Rome — Thanks to the personal intervention of Pope Francis, three young children of one Italian gay couple are being brought up in the Catholic faith and even ministering as altar servers.
About five years ago, Andrea Rubera and his husband Dario were considering whether to enroll their oldest child, then about 3, in a catechetical program at a Rome-area parish. But they were afraid their child might be treated differently, or be subject to some sort of prejudice.
When by chance Rubera was asked in April 2015 if he would be part of a group invited to participate in the pope's daily Mass at the Vatican's Santa Marta guesthouse, the gay Italian Catholic brought a letter to give to Francis, laying out his dilemma.
Days later, Rubera got an unexpected phone call. "I answered and it was the voice of the pope asking me, 'Mr. Rubera, is that you?' " Rubera recounted to NCR.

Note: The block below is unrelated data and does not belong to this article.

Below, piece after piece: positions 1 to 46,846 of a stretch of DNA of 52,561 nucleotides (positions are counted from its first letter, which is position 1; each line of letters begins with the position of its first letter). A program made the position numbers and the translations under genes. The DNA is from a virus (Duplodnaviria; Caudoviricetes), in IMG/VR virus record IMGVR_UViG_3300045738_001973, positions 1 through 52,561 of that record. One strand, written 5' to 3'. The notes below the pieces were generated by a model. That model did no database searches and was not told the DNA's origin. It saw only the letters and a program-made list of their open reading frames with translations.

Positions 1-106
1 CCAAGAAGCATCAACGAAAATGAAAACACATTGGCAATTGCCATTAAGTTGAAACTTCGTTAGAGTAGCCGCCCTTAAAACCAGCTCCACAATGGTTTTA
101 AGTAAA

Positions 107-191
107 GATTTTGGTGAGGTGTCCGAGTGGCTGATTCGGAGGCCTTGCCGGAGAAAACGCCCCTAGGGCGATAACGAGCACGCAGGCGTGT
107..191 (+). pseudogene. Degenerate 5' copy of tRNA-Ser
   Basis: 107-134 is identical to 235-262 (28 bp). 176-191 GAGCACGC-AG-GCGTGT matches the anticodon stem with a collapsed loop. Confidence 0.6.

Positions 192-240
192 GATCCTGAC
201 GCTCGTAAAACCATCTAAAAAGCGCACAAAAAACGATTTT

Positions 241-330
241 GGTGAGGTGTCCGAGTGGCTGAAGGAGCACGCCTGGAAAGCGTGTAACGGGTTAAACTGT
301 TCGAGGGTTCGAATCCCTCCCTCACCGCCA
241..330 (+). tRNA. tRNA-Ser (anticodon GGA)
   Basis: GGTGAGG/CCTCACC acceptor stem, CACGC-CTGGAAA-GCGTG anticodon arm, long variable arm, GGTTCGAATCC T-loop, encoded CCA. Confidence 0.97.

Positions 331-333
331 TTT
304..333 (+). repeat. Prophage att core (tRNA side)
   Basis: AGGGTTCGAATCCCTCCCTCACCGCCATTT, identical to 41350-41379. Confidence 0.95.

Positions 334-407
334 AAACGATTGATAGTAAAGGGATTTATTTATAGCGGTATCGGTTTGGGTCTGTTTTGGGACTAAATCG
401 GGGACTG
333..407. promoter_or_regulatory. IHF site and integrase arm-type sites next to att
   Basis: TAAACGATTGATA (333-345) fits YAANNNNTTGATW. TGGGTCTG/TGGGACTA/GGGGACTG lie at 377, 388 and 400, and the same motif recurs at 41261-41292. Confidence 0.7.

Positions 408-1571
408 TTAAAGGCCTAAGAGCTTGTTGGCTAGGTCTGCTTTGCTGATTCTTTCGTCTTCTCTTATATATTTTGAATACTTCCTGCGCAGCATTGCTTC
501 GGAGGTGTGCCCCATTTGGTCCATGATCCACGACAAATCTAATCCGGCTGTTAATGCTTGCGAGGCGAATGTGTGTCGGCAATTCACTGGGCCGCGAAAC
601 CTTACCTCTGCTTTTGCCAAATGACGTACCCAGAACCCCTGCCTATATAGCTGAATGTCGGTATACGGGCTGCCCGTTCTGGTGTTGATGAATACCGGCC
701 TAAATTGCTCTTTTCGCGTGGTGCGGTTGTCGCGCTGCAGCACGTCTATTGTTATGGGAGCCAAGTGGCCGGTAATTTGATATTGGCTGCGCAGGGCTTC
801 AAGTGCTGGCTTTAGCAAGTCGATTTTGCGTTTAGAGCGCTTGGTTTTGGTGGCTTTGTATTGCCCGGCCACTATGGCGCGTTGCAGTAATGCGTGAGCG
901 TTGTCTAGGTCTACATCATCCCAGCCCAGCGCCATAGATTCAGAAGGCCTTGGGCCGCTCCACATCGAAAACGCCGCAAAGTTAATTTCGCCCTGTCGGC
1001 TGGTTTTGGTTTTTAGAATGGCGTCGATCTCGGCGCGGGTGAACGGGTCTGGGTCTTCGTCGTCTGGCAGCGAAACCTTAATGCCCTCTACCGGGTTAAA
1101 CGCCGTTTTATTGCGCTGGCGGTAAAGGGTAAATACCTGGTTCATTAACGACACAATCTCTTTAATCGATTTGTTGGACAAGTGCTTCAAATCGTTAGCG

"I think you should do it," Rubera remembers the pope saying. "Go to the pastor, ask for a meeting, introduce yourself transparently and I'm quite confident that everything is going to be all right."
The layman did as the pope suggested. His three children have now each gone through the catechetical program and minister as altar servers. And the oldest is preparing to receive first Communion.
Rubera previously spoke about his personal experience with Francis as part of the documentary "Francesco," directed by Evgeny Afineevsky and released last year. He says now that the pope's advice offered a "fundamental step" in his family's life.
"It was something that really helped me in coming out of a cul-de-sac," said the Italian.
Although Rubera said he hasn't spoken to Francis since their first phone call, he said he has been able to make sure the pope received a second letter, reporting on his children's progress.
"I'm happy to be sure that he got the news of how our kids are doing," said Rubera. "I'm not expecting he's going to call me again."